For a copy of the full report of the Mid Atlantic Trust Company 401(k) Composite Benchmark, click here.
Contact Mr. Scott Hervoyavich of Mid Atlantic Trust Company at 800-693-7800 or by emailing him at firstname.lastname@example.org
* For the hypothetical participant balances, we used a starting balance based on the average 401(k) participant balance provided by the Investment Company Institute for the year of the starting balance. In our calculation, we assumed a starting annual salary of $50,000, a combined employee/employer 9% annual contribution rate, and a 3% annual salary increase and applied the monthly rate of return of the benchmark.
Market Data as of Week Ending: 4/23/2021 unless noted otherwise
U.S. stock markets retreated slightly from their record highs in an up-and-down week after news of a potential tax hike was released. The proposal would nearly double the long-term capital gains tax rate and raise taxes on higher incomes. First quarter earnings season continues to be off to an outstanding start as 25% of companies in the S&P 500 have reported results, of those, 84% have reported a positive EPS surprise. Medium and small sized companies outperformed their large company peers while growth stocks mostly outperformed value. Health Care and Real Estate were bright spots as both sectors netted solid gains. Energy continued its pullback as oil prices declined on the news of increasing global COVID-19 cases. Emerging Market stocks outperformed both the developed foreign stock market and U.S stock market as the index booked a positive gain.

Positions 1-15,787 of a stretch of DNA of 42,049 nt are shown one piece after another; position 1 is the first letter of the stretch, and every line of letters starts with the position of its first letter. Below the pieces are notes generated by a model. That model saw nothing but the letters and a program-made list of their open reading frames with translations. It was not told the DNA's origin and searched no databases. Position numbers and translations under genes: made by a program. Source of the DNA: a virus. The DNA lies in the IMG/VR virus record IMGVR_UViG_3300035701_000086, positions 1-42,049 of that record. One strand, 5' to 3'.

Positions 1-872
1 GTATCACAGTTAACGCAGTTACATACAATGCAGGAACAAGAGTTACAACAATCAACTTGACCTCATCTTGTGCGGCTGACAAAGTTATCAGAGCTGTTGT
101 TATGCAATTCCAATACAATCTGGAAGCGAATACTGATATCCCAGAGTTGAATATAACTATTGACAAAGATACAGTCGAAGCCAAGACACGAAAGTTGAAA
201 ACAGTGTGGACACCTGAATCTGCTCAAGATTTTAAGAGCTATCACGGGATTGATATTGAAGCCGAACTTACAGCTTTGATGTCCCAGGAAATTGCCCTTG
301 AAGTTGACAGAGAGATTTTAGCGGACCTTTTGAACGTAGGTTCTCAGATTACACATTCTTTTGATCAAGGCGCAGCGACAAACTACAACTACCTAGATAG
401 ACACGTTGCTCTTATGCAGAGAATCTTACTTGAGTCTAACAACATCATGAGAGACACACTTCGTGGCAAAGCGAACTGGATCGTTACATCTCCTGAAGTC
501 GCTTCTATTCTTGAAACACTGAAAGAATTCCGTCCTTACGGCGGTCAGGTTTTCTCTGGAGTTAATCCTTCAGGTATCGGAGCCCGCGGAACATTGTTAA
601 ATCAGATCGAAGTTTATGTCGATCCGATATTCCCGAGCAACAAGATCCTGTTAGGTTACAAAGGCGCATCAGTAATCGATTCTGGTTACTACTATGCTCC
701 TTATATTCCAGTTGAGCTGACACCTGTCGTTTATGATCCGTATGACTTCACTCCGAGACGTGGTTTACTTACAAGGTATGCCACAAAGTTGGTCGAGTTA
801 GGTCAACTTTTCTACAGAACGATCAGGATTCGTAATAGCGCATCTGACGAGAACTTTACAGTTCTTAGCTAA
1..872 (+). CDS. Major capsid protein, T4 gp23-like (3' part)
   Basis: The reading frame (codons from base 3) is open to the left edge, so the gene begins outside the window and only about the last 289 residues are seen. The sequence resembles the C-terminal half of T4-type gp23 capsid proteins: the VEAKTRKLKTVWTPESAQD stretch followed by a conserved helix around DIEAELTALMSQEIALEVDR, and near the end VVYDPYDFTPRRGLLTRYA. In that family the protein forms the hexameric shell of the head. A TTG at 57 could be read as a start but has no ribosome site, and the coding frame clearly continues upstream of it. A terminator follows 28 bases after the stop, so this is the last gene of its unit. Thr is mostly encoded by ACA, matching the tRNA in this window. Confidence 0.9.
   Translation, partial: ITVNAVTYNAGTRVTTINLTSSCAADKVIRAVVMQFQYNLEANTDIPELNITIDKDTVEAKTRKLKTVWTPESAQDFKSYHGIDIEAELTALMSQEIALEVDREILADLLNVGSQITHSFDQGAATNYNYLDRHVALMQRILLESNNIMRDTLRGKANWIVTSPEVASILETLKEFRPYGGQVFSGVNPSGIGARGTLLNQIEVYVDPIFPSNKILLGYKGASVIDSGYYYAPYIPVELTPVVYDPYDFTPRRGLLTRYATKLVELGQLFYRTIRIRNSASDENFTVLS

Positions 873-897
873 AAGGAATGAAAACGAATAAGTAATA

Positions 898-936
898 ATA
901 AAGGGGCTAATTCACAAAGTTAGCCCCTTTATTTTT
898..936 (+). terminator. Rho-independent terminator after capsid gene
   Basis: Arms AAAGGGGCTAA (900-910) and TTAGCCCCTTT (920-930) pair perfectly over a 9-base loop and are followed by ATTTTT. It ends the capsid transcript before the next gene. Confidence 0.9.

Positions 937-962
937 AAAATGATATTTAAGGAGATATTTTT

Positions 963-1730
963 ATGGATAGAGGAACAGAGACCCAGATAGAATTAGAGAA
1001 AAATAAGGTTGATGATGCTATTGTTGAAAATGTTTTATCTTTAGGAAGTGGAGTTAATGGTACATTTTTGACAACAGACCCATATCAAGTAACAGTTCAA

U.S. Treasury yields continued their decline last week as concerns around the global uptick in COVID-19 cases may have stoked demand for safe haven assets. The 10-year Treasury ended the week at 1.56%. Investment grade corporate bonds ended the week yielding 2.2% and high yield corporate bonds are yielding just above 4.8%.
It was a relatively light economic data week, but what was released was generally positive. U.S. weekly unemployment claims continued to fall as new claims dipped to 574,000, their lowest level since March 2020. The index of U.S. leading economic indicators rose 1.3% in March, suggesting the economy is gathering momentum. The flash reading of the IHS Markit data showed positive results as both the manufacturing PMI and services PMI reached record levels. New home sales surged past expectations as sales occurred at a seasonally adjusted rate of 1.021 million in March, its fastest pace since 2006. As expected, the ECB announced it’s keeping borrowing costs low, saying it would maintain its pace of bond purchases until the eurozone’s economy is firmly on the path to recovery.
Market Data as of Week Ending 4/16/2021 unless noted otherwise